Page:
30 year old Single Mum Crystal Silk hasn't been able to find employment since moving to Bundaberg 18 months ago and believes the Cashless Welfare Card will place too many restrictions on those already on a tight budget and are trying to do the right thing. Photo Lachie Millard
30 year old Single Mum Crystal Silk hasn't been able to find employment since moving to Bundaberg 18 months ago and believes the Cashless Welfare Card will place too many restrictions on those already on a tight budget and are trying to do the right thing. Photo Lachie Millard Lachie Millard

Card threat a 'worry' for mum, govt says it won't back down

SINGLE mothers such as Crystal Silk say the Cashless Debit Card would hit them the hardest if it was ever rolled out in Hinkler.

The 30-year-old moved to Bundaberg a year-and-a-half ago with her son, who's now 3, and has not been able to find work.

It's been a soul-crushing experience.

"I come from a working family with a strong work ethic and to be told 'oh no, we need to manage your money now', it's a bit of shock," Ms Silk said.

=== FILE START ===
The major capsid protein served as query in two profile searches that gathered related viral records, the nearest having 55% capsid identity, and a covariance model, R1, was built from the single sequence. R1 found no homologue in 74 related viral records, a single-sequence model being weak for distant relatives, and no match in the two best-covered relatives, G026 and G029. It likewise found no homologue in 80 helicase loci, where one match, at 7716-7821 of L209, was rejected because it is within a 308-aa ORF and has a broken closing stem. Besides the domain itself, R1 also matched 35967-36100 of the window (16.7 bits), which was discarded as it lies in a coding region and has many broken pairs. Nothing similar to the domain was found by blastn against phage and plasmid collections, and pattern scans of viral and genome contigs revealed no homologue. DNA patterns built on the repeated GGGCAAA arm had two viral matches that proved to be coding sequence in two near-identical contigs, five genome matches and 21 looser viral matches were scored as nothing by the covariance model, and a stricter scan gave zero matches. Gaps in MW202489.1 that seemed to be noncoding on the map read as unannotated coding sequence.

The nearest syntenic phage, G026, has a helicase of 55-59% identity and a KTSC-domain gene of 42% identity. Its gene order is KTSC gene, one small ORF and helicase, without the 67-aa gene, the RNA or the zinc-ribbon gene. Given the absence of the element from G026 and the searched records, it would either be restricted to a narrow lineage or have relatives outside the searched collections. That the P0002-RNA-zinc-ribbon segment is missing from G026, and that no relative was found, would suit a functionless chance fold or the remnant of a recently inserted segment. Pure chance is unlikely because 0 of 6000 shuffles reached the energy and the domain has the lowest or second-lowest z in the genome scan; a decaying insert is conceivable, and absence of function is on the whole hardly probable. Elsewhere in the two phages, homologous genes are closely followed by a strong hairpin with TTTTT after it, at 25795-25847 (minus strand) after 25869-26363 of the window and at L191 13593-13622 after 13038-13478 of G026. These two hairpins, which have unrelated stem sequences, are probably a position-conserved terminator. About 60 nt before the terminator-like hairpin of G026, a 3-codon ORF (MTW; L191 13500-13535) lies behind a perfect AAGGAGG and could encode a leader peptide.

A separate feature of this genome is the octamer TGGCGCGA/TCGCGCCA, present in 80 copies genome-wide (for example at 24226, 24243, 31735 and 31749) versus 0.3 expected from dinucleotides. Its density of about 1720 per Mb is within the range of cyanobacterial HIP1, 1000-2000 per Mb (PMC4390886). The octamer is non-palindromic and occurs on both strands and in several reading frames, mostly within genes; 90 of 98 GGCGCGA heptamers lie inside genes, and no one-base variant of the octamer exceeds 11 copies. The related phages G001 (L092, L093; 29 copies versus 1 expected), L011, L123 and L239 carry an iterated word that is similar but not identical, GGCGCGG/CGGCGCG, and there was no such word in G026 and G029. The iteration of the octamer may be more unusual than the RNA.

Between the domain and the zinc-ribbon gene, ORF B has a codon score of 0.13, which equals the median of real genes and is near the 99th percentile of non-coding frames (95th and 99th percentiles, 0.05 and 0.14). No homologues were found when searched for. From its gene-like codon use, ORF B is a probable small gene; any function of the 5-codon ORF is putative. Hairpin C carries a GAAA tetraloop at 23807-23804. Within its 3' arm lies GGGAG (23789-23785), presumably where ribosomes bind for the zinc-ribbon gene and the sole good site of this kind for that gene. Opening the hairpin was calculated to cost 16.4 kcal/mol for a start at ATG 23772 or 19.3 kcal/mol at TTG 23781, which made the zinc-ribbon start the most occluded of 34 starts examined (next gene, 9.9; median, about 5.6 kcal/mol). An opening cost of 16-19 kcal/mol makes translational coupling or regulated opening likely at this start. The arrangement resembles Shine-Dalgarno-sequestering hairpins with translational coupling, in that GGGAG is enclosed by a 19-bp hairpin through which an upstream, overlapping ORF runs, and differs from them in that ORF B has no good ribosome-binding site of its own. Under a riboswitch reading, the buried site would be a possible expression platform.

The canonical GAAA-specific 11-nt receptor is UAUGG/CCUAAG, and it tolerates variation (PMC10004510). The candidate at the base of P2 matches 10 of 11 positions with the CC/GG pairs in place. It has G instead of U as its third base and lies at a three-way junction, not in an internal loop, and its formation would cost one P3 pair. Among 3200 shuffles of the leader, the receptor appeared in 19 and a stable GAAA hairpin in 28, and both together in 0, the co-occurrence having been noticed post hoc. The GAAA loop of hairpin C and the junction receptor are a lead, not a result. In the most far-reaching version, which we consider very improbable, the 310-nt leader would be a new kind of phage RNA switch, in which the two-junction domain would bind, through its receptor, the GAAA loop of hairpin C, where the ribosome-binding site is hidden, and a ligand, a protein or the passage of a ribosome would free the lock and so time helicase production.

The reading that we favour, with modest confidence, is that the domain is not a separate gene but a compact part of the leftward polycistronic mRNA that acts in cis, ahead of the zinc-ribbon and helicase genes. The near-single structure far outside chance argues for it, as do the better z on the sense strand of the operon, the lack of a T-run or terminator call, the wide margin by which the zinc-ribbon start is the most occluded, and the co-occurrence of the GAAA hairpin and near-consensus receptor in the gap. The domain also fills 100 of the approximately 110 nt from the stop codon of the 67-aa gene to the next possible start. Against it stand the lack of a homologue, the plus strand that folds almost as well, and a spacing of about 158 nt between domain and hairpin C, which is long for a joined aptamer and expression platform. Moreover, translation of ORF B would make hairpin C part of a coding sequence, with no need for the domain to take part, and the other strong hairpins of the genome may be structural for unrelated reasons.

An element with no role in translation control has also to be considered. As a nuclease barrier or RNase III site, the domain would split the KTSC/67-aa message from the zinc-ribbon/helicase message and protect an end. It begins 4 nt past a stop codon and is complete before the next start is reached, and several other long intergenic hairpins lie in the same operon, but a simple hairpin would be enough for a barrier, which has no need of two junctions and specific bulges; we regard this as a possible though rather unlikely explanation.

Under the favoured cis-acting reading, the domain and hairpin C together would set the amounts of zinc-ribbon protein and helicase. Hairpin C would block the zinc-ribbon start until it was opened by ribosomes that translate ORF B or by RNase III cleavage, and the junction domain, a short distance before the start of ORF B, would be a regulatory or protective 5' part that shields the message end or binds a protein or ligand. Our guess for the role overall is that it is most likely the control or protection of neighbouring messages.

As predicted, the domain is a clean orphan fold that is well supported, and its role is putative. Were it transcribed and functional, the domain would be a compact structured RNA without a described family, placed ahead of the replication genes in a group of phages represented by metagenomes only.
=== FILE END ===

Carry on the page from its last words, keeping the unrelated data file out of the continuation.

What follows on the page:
"It's a worry when they think they can come in and take control of everything when they assume you have a problem," she said.

Ms Silk is on family benefits after giving birth to her son. She was unable to re-enter the workforce because of complications with her son's health.

She needed to be available at a moment's notice as she waited for news he could undergo much-needed surgery.

Despite wanting to find a job, employment agencies filed her as a "voluntary job seeker".

This meant she was welcome to use their facilities, but they would not actively help her find employment.